Removing the Milfoil
from Moody Pond
Moody Pond is in a very prominent public locale within a mile of downtown Saranac Lake, at the foot of Mt. Baker, the most popular climbing mountain in the McKenzie Mountain Wilderness. In 2018, when Eurasian watermilfoil (EWM) was detected in the pond, residents quickly organized the community non-profit, Friends of Moody Pond. This aquatic invasive species spreads easily and grows at an alarming rate, forming thick mats of vegetation, and threatening the pond’s ecosystem. It would be a terrible shame to allow the pond to go the way of so many others, clogged with Eurasian watermilfoil all summer, the native plants replaced by invasives, and the varieties and health of the fish changing.
With the strong support of the Saranac Lake community through our Moody Pond Challenge events, we raised the funds necessary to launch the initial phase of control and possibly eradication of this unwelcome and potentially devastating invader. Working with the Aquatic Invasive Species Coordinator from the Adirondack Park Invasive Plant Program (APIPP), the Friends of Moody Pond established a baseline survey of Moody Pond vegetation prior to EWM removal. Volunteers were trained in the use of Survey123 software, then assigned GPS coordinates. Armed with dredging rakes and aquascopes, forty separate locations were assessed in June and August with the results directly uploaded to a Lake Management Tracker database.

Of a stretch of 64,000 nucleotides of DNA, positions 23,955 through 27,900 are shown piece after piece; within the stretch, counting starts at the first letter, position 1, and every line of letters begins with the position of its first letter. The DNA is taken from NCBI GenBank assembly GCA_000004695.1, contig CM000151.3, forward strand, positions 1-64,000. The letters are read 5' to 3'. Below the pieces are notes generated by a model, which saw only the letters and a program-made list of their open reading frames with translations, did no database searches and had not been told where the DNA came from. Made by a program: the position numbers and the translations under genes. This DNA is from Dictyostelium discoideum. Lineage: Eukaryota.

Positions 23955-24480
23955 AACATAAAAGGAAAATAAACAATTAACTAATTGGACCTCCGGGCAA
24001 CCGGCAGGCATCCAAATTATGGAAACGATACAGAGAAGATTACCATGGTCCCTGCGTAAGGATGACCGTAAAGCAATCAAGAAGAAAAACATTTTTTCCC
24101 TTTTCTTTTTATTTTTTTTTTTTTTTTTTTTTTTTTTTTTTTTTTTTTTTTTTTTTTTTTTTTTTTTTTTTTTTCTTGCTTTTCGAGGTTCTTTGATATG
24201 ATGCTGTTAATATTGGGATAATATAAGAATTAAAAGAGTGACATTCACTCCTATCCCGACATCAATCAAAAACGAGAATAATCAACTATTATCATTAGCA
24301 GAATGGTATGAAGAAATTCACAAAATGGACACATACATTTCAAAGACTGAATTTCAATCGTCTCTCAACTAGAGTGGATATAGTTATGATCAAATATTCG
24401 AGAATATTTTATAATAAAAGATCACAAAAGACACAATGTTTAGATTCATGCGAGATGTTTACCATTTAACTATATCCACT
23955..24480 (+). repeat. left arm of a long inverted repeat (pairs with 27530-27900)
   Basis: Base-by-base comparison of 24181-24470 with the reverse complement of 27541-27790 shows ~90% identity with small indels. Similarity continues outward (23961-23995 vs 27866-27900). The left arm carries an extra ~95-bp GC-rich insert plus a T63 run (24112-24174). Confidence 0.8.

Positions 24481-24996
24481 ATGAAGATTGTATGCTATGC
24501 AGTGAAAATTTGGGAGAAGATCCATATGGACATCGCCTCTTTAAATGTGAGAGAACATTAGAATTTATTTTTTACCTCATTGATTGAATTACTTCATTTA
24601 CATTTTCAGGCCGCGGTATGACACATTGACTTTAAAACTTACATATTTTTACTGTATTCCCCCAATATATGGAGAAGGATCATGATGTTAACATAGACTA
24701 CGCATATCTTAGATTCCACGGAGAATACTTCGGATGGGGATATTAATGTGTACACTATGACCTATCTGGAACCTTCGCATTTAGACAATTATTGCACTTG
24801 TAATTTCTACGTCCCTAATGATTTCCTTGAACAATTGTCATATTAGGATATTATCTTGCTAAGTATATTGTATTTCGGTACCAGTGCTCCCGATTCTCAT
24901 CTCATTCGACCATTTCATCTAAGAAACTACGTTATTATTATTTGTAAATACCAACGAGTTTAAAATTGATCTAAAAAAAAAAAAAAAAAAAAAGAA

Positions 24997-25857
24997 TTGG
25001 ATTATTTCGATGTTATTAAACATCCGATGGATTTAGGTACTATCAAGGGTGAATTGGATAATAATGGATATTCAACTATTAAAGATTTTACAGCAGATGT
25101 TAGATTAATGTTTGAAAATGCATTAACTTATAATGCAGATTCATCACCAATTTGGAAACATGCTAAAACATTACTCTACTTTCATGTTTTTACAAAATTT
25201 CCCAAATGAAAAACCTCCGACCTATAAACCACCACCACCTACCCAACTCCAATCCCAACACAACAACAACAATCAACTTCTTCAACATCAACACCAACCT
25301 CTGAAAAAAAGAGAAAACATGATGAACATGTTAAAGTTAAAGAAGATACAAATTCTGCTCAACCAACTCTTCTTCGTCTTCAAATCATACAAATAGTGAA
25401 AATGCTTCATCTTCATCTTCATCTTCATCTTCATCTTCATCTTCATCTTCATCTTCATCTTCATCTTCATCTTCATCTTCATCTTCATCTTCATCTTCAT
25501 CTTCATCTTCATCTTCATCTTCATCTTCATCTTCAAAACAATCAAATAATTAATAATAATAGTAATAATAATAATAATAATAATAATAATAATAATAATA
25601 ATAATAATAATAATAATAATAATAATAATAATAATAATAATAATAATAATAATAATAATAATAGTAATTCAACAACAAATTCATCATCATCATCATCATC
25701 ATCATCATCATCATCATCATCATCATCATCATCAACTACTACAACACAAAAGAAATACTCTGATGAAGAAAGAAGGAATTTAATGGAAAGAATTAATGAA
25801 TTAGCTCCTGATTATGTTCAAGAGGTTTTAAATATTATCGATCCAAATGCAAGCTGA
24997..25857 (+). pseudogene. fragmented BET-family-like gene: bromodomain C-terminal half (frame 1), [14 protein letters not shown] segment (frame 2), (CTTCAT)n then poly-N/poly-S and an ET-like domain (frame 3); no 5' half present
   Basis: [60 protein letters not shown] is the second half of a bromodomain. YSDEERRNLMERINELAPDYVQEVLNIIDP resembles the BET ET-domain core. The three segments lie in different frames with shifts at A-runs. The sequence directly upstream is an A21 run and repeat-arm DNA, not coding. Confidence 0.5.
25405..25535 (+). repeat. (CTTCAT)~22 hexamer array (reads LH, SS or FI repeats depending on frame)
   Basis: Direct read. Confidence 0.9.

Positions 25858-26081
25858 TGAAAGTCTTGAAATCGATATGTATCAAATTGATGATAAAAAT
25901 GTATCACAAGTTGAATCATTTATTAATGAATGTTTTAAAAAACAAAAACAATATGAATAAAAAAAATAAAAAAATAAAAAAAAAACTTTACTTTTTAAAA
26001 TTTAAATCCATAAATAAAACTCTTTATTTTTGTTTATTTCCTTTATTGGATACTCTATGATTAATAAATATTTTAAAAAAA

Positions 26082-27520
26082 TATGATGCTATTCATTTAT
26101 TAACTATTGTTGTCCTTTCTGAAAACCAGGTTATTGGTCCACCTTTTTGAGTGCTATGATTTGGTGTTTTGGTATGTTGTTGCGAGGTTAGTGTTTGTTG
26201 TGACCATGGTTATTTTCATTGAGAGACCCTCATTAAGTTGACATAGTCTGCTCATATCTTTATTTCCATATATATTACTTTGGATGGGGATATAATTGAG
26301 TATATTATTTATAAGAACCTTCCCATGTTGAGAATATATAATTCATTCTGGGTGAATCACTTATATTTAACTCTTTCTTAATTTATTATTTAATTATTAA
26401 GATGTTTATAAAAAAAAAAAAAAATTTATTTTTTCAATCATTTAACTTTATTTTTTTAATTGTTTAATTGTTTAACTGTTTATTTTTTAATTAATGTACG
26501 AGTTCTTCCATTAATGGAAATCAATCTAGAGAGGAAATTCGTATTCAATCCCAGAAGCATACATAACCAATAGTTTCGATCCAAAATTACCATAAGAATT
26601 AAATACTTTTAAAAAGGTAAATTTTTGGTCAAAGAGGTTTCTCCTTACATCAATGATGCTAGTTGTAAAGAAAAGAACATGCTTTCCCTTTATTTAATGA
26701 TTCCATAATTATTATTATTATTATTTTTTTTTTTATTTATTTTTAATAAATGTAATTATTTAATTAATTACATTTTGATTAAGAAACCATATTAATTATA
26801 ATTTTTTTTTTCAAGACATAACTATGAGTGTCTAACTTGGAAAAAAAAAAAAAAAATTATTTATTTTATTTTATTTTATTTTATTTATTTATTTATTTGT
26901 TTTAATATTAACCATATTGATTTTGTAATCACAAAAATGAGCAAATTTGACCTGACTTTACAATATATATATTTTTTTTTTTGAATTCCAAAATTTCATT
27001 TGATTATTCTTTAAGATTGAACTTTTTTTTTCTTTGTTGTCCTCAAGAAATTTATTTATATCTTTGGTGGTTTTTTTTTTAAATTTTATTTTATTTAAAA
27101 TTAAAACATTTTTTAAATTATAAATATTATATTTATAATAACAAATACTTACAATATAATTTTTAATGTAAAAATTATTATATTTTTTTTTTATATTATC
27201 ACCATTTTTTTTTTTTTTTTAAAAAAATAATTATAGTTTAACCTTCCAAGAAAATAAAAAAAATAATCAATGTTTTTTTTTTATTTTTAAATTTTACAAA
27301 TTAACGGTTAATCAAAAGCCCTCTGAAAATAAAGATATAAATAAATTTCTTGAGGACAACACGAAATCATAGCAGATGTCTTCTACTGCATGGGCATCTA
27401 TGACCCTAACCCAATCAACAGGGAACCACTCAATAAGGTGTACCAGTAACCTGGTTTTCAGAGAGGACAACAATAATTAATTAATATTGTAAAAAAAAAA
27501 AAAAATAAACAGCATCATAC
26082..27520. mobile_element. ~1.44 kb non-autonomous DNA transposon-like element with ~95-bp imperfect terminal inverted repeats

In June 2021, a team of divers from Invasive Dive Solutions entered the pond to begin pulling and bagging the unwanted milfoil early in the seasonal growth process. They removed more than 500 pounds of the invasive plant during one week of harvesting. The divers returned for another week in September to reassess and harvest again. We anxiously await the results.
It may be years before full control is obtained, but every year should present us with less milfoil due to the gains of the summer before. Moody Pond is a wonderful community asset with a rich and diverse ecosystem that we all benefit from and the Friends of Moody Pond are determined to preserve it.